from The American Heritage® Dictionary of the English Language, 4th Edition
- n. A short-lived thing.
- n. Printed matter of passing interest.
from Wiktionary, Creative Commons Attribution/Share-Alike License
- n. something short lived or transitory
from the GNU version of the Collaborative International Dictionary of English
- n. One of the ephemeral flies.
from The Century Dictionary and Cyclopedia
- n. An insect which lives but for a day or for a very short time; hence, any being whose existence is very brief.
from WordNet 3.0 Copyright 2006 by Princeton University. All rights reserved.
- n. anything short-lived, as an insect that lives only for a day in its winged form
Now several things should be noted: he doesn't say all flies have four legs; he mentions a particular animal, the "ephemeron", which is most likely a species of mayfly, or
It will be a far more memorable experience than anything the ephemeron of a steroid-fuelled 100 metre dash can offer.
The question, which we're all asking, is: is this a significant and long-term change or just an ephemeron?
Attaching self-esteem so inextricably to this physical ephemeron is just all kinds of cringe-inducing from the long view, as one imagines hard-won confidence melting slowly away as rock hard abs give way to the dreaded "jelly belly" once again.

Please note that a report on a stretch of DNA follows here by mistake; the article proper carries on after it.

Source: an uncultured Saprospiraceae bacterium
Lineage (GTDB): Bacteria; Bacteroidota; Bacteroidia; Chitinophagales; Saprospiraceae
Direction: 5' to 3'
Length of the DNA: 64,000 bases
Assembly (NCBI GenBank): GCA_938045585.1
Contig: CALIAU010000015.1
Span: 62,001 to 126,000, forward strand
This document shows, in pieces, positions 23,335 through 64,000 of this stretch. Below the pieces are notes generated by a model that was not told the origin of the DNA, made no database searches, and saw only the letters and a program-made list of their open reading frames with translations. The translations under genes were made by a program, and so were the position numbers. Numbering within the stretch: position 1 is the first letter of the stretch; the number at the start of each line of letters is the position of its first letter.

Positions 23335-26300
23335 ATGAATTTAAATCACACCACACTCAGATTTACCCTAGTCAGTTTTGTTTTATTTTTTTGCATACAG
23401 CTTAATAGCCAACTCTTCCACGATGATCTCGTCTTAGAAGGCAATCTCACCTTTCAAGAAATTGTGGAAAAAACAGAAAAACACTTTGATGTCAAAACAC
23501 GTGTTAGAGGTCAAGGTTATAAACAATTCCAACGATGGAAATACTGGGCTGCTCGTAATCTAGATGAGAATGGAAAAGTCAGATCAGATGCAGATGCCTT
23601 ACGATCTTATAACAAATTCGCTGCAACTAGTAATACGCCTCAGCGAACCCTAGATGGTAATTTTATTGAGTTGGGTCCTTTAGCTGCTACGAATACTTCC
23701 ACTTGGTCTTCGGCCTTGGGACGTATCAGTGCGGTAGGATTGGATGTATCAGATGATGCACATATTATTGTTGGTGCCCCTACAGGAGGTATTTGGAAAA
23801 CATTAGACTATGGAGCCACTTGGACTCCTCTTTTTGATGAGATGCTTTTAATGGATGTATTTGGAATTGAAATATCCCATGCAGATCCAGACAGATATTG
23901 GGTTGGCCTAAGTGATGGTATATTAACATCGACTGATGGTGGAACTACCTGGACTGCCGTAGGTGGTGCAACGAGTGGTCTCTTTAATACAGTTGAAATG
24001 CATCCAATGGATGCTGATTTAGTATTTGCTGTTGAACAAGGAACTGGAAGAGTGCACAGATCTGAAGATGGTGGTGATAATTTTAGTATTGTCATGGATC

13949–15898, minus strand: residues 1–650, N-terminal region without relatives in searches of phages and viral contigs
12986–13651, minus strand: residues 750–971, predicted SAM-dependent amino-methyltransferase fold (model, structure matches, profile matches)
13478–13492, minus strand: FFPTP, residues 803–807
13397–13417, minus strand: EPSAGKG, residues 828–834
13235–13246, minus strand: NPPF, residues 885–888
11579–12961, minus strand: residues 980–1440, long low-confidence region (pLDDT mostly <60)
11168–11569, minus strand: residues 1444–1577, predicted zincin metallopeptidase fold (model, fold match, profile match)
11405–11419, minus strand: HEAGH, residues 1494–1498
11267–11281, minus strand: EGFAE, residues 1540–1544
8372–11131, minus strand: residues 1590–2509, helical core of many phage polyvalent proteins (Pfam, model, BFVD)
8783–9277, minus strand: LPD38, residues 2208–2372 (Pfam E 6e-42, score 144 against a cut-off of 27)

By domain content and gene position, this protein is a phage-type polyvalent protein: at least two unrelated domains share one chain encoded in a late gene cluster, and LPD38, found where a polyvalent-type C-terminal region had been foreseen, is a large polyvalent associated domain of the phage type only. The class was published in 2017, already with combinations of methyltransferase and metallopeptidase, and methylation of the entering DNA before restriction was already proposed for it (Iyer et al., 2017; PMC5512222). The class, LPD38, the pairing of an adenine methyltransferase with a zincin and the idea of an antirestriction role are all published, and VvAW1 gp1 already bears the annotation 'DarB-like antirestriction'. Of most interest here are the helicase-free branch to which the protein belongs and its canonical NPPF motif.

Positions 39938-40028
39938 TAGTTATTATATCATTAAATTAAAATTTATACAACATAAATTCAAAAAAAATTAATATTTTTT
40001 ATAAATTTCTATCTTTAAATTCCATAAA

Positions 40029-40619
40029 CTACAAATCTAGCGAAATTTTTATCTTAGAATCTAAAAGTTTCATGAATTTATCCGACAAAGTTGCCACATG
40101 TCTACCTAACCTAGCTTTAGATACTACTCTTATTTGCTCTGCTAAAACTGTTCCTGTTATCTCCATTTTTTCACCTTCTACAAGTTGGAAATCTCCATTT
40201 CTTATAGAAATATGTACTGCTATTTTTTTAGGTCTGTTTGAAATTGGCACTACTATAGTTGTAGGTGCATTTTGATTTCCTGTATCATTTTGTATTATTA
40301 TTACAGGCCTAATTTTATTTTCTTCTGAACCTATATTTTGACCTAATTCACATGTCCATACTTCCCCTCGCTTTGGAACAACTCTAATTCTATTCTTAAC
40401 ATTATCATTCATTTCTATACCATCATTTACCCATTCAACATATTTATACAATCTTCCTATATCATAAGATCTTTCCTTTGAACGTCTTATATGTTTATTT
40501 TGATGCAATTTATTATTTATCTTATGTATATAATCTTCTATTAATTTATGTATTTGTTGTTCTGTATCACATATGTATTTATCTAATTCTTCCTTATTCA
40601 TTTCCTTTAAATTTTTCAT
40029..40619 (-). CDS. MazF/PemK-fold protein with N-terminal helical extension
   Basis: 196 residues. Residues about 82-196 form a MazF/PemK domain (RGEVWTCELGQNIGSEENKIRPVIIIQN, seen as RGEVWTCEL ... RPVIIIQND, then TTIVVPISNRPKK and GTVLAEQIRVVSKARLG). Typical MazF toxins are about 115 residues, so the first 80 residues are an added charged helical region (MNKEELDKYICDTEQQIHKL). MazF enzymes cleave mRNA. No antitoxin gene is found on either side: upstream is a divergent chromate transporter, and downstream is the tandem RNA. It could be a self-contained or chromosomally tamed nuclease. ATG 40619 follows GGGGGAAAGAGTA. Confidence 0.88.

Hunt's image of Shelley as a stiffened ephemeron recalls the exquisite bodies tucked away in the ruins in the stanza I began by quoting.
Perhaps the perishing ephemeron enjoys a longer life than the tortoise.
If then women are not a swarm of ephemeron triflers, why should they be kept in ignorance under the specious name of innocence?
The insect lives and flies about until the evening, but as the sun goes down it pines away, and dies at sunset having lived just one day, from which circumstance it is called the ephemeron.
Let not the ephemeron that lights on a baby's hand generalize too rashly upon the non-growing of organisms!
It would be useless to enter into the detail of the plot of an ephemeron, that depends more upon its quips and cranks than dramatic construction for its success.
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